3 Lessons I Learned from Yvon Chouinard

I was lucky enough to work for Yvon Chouinard and Patagonia in the early years of its growth in Europe.  Of all the outdoor brands I represented while living in Switzerland and afterwards through my own creative agency based in London, Patagonia was the brand all extreme outdoor sports enthusiasts aspired to be hired by.  Whether you were a ski photographer, a brand-builder or a designer. Yvon Chouinard was one of the first people I ever met with such complete clarity of vision, values and ethics, I cherish the time and the lessons I learned. There were many but three stand out.


Although Yvon and Patagonia are now world famous for their environmental leadership, it wasn’t always the case. Back in the 80s when the brand was an underground hit amongst extreme outdoors sports enthusiasts – mainly mountaineers and skiers – the legendary Snap T was produced in an amazing array of colours. I had the very yellow and purple trim one pictured in the picture below.  It travelled with me all over the world.  Trouble was the production of Snap Ts used a lot of chemicals including formaldehyde. It wasn’t until sickness first started to appear in the newly opened Boston store, that the company first started to seriously investigate the source of contamination and Yvon and Patagonia’s dedicated approach to becoming one of the world’s cleanest brand’s got started.

By Didier Givois

By Didier Givois

It hasn’t always been an easy road. It has often been at the expense of profit and taken many hours, months and years of hard work and dedication to find and train the supply chain, the design teams, and create the infrastructure to support the mission. Award winning communications and CSR initiatives like The Footprint Chronicles, weblog The Cleanest Line, and the Patagonia Environmental & Social Initiatives are recognised as gold standards in the industry, but as Yvon has often said:

Living the examined life is a pain in the ass.”  fortune-yvon-chouinard

Yvon Chouinard, Patagonia

But there’s the thing; if you’re prepared to compromise on the principles you set your brand when the going gets tough, they’re not principles at all. I’ve never once seen Patagonia take the easy route around trying to be an environmental leader. Once the commitment was made in 1988, I’ve never seen Yvon flinch from taking difficult decisions in pursuit of becoming a responsible company.

He taught me how to examine all actions a brand takes from a perspective of intention and to map the actions against values. I learned how to build a wholly integrated brand from working with and watching Patagonia.


Long before ‘value-based-leadership’ became a corporate buzzword, Yvon Chouinard had understood how to build a tribe of raving fans through shared values. He describes them in his own words in Let My People Go Surfing but here’s my version from the sidelines:

  • Love something enough that you live and breathe it – in the case of Patagonia, the great and challenging outdoors. From the most dangerous climbs to powder bowls and even extreme fishing, Patagonia employees are never far from an adventure. Their offices are based in beautiful locations where you’re surrounded by the beauty of nature.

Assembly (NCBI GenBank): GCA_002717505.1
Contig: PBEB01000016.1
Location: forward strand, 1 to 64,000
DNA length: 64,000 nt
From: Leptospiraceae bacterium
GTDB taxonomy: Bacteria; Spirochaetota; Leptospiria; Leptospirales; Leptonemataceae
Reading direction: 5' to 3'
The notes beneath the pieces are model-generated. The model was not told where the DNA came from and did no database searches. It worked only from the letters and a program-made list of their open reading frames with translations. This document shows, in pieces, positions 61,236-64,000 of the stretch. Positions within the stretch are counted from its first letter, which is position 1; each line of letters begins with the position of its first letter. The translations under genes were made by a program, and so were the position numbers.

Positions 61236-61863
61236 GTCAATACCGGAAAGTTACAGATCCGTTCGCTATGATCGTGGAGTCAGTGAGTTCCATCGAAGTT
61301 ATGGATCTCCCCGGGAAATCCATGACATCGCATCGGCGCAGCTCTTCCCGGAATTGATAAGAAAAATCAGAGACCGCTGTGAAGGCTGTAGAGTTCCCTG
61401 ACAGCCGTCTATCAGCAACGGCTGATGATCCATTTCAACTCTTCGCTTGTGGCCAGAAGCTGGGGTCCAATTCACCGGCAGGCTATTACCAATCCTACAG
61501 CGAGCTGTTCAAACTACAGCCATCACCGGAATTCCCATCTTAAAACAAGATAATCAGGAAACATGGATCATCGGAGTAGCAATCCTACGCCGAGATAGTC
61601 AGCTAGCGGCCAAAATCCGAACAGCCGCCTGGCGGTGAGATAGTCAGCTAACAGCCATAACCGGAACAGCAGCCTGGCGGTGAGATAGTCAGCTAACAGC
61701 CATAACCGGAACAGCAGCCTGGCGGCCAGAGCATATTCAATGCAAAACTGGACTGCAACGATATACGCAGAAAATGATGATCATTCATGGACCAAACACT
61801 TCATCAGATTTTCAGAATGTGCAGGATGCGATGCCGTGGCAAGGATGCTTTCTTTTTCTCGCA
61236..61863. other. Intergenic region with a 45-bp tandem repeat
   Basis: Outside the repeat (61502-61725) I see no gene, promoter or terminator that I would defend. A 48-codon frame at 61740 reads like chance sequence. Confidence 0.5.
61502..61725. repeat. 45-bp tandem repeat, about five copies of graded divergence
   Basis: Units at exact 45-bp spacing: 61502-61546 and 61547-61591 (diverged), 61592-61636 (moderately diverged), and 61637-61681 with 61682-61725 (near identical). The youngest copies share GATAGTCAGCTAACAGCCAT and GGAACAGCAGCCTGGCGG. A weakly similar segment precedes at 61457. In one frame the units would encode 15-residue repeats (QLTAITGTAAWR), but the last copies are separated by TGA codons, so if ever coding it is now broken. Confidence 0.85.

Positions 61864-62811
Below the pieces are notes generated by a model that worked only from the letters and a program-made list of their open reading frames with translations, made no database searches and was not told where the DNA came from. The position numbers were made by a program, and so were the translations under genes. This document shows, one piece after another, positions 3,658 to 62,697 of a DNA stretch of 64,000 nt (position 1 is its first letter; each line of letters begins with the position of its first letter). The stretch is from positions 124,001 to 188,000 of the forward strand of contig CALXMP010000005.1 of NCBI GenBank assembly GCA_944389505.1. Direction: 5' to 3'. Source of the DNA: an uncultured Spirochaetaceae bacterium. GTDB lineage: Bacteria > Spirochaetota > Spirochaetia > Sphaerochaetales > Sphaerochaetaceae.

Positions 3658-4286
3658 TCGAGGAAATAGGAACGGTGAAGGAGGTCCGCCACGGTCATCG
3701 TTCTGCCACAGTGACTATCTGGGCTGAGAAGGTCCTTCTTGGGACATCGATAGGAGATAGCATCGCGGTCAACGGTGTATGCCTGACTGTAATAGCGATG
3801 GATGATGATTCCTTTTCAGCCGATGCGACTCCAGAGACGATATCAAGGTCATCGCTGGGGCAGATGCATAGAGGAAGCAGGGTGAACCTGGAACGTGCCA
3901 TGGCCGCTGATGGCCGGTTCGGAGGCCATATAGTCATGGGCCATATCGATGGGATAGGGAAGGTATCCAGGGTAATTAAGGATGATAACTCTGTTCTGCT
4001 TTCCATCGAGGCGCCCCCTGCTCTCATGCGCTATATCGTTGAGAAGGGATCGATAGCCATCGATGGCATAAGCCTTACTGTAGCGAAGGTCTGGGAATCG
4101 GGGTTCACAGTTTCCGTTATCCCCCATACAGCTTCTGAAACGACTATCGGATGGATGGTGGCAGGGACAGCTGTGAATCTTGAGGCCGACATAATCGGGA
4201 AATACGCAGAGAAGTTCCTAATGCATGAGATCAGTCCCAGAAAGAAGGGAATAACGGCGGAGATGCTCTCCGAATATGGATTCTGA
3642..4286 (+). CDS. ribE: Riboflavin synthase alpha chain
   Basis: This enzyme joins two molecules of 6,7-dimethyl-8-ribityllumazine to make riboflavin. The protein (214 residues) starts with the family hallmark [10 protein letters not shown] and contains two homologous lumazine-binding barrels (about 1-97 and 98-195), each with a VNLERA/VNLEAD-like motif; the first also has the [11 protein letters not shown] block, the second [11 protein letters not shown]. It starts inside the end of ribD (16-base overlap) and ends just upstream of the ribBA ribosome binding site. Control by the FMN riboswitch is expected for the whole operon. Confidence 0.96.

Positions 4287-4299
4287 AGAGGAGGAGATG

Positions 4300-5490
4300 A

• Understand the nature of how your tribe interacts with what you love – in Patagonia’s case through ultimate challenges of man in nature – and give it to them in spades. Tap into legendary extreme photographers and sports adventurers in all the places around the world where you’re most likely to find them and you become a magnet for aspiring outdoor adventurers.


Both Patagonia and Timberland were among the first global organisations to build an integrated culture which reflected the environment their brands were used in. No one needed to introduce dress-down Fridays at Patagonia because there were never any dressing up days!


I never wore anything other than a t-shirt or a sweatshirt to meetings, they were frequently held outdoors, and often cancelled at the last minute if the surf was up, or the fish were running. Once I was sitting in front of a media diva waiting for Yvon to arrive from the States for a key series of interviews when the message finally came through that he has gone fishing instead of getting on the plane! Although I was terrified of the outcome, authenticity won the day and it was probably the best article ever written about a brand by a journalist who wasn’t known for suffering fools gladly. I learned a bit more about courage that day and that authenticity will always be respected.

Let My People Go Surfing is now a cultural must-read for most aspiring marketers but if they look at it as a marketing tool, they miss the point. When people work in an environment they love, with people with whom they have deep shared values, a high level of productivity results. Many brands have since tried to replicate the natural DNA that emerged from Patagonia, with and without success.

Because Yvon lived it and breathed it, it took life from his leadership and continues to do so, despite its size. Authenticity is a another buzzword today, but you won’t find it bandied about in Patagonia – it just is. Although he could be described as an inspirational leader, what he really is, is The Source. The embodiment of the brand.

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